When coming up with the definitive list of iconic German cars it is easy to be spoilt for choice, after all the majority of the world’s top car makers hail from there! So what makes the list? What cars have stood the test of time?
The Volkswagen Beetle
The VW Beetle (officially the Type 1) first hit the road in 1938 as a two-door, rear-engine car that was designed to be affordable. The break out of World War Two delayed production of the car significantly, but once the conflict ended it became a top seller around the world.
Its unique ‘bug’ look inspired many other cars and the Beetle even had its on-screen Hollywood alter-ego in the form of Herbie – the Love Bug.
Production of the Beetle eventually overtook Henry Ford’s Model-T when the 15,007,034th was built in 1972. Later on, production transferred from Germany to Mexico but by 2003 more than 21.5 million Beetles had rolled of the production line.
One of the unique attractions of the Type 1 was that it remained relatively unchanged until the late 90s, when VW modernised the design with the launch of the New Beetle – something that was met with some concern from traditional dub fans.
Over the years, prices have remained high for the Beetle, especially for the rear split-screen early versions, with many car fans cherishing the fun drive the little car offers.
VW are continuing to develop the Beetle range and recently announced the Dune, which is inspired by the original beetle buggies.
Porsche unveiled the 911 at the 1973 Frankfurt Motor Show. It was the company’s first turbocharged road car and was inspired by Porsche’s success in America’s Can-Am racing.
The first Turbo generation of the car had a 3.0-litre engine capable of producing 276 bhp and has only undergone five redesigns during that time.
All of the current 911s are built at Porsche’s factory in Stuttgart and the car remains the German automaker’s top seller.
Of course, the car is still evolving and Porsche recently confirmed it is working on an electric hybrid version of the 911 due to ever increasing demand for cars that offer good fuel economy and lower emissions.
Volkswagen get another mention as they are responsible for the iconic Golf GTI, which made its debut at the Frankfurt Motor Show in 1975. VW had decided it was time for a no-nonsense, sporty version of its recently launched Golf.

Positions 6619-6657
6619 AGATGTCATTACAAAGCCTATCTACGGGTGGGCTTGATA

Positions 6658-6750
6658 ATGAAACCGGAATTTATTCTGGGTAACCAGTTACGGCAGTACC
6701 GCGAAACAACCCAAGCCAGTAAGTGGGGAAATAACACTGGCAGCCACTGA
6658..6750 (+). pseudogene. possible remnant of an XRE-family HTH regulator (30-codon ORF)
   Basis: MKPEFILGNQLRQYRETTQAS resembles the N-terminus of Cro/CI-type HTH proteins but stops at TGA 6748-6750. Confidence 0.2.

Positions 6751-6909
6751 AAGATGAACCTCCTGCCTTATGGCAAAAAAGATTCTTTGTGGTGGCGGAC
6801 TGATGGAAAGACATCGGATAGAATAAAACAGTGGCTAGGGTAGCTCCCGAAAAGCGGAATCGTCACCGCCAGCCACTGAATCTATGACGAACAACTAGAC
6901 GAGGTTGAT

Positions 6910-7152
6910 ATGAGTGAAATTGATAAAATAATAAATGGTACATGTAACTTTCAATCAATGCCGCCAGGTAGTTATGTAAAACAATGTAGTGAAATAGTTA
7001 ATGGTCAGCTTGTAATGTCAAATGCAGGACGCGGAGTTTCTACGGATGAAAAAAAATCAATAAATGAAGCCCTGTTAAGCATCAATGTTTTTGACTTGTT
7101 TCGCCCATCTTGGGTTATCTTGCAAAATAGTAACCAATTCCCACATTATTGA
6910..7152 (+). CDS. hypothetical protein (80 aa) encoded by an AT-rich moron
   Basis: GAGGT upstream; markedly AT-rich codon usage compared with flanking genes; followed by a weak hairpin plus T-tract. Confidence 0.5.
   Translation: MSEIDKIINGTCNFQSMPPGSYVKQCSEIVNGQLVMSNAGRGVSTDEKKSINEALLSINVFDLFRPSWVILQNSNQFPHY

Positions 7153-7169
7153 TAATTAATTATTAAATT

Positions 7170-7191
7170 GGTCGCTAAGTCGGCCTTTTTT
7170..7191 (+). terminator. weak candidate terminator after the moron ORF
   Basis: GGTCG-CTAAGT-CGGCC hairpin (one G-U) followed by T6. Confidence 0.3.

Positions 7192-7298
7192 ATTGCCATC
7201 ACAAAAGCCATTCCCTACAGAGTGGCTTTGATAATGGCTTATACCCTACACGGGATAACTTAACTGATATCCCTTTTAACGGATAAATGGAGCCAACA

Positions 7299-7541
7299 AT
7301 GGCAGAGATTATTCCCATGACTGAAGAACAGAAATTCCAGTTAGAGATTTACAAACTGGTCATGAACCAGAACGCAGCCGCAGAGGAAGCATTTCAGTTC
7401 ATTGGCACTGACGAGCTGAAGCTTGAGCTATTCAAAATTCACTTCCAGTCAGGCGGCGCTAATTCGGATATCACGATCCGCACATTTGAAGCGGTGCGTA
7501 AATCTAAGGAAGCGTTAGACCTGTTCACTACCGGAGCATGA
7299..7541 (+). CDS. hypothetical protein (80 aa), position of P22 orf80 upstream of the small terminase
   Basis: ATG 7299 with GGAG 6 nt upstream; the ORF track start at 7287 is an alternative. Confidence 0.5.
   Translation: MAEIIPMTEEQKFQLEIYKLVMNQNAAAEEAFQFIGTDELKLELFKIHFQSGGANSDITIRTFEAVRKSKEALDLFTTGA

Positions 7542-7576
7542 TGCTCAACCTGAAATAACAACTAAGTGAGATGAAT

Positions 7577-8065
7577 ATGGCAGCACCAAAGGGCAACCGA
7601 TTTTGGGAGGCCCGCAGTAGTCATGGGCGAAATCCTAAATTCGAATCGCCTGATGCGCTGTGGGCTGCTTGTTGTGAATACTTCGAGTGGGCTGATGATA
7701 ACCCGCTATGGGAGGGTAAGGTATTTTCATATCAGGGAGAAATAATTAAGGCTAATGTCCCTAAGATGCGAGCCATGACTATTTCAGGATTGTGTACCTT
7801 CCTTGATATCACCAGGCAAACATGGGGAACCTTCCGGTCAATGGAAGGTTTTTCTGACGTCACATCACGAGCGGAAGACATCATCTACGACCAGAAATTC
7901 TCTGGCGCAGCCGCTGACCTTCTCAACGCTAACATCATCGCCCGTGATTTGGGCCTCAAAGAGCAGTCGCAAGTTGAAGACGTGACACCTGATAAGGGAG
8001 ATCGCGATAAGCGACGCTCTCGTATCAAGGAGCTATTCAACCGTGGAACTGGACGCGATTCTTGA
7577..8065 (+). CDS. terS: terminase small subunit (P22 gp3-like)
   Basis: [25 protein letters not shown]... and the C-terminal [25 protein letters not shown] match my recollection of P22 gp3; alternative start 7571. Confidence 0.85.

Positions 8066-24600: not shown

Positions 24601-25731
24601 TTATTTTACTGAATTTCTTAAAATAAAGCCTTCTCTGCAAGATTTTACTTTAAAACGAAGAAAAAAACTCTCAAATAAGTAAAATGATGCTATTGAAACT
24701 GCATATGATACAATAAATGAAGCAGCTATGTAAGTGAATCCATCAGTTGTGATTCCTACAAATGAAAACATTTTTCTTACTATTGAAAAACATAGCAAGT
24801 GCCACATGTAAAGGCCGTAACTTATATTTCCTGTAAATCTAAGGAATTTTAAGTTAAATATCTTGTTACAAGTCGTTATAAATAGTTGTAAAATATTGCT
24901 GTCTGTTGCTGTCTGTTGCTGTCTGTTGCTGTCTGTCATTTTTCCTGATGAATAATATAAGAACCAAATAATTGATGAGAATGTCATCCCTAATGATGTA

The first GTI came with a 1588c four-cylinder engine and also featured the forward-thinking K-Jetronic mechanical fuel injection system. Its lightweight build meant it could do 0 to 60 seconds in around nine seconds – which was pretty impressive at the time.
One of the top selling points of the car was that it offered a great sporty ride, but it was still a practical choice for the commute to work.
By the time VW launched the MKII it was on its way to becoming a classic. VW added a few more options to the line-up including 1.8 litre and 2.0 litre 16-valve engines. There was also a special limited edition that featured the supercharged G60 motor from Volkswagen’s Corrado.
However, the Golf GTI did start to face some competition from many other cars, especially as Japanese manufacturers started to get in on the hot hatchback action. The launch of the MKIII saw an overall more refined look, although the 2.8L VR6 engine definitely pleased Golf fans!
Now on its seventh generation, there is little doubt that the Golf GTI has played a key role in the development of the affordable performance car market.
BMW’s M series
BMW initially created its M series to reflect its racing development programme throughout the 1960s and 1970s. However, over the years the M badge has come to represent more than just motorsport history.
The very first BMW M was offered to the public in 1978 and was seen as a car with a basic trim, but strong performance. However, in 1979 BMW released the M535i, which sought to combine high performance with everyday comfort.
All of the M models offered by BMW are tested at the Nurburgring track in Germany and they have attracted a strong following, with a reputation for reliability and prestige.
Of course, we haven’t mentioned the Audi Quattro or the Mercedes-Benz 300SL and picking just one Porsche was difficult…..although we can probably all agree the Trabant was never in the running.
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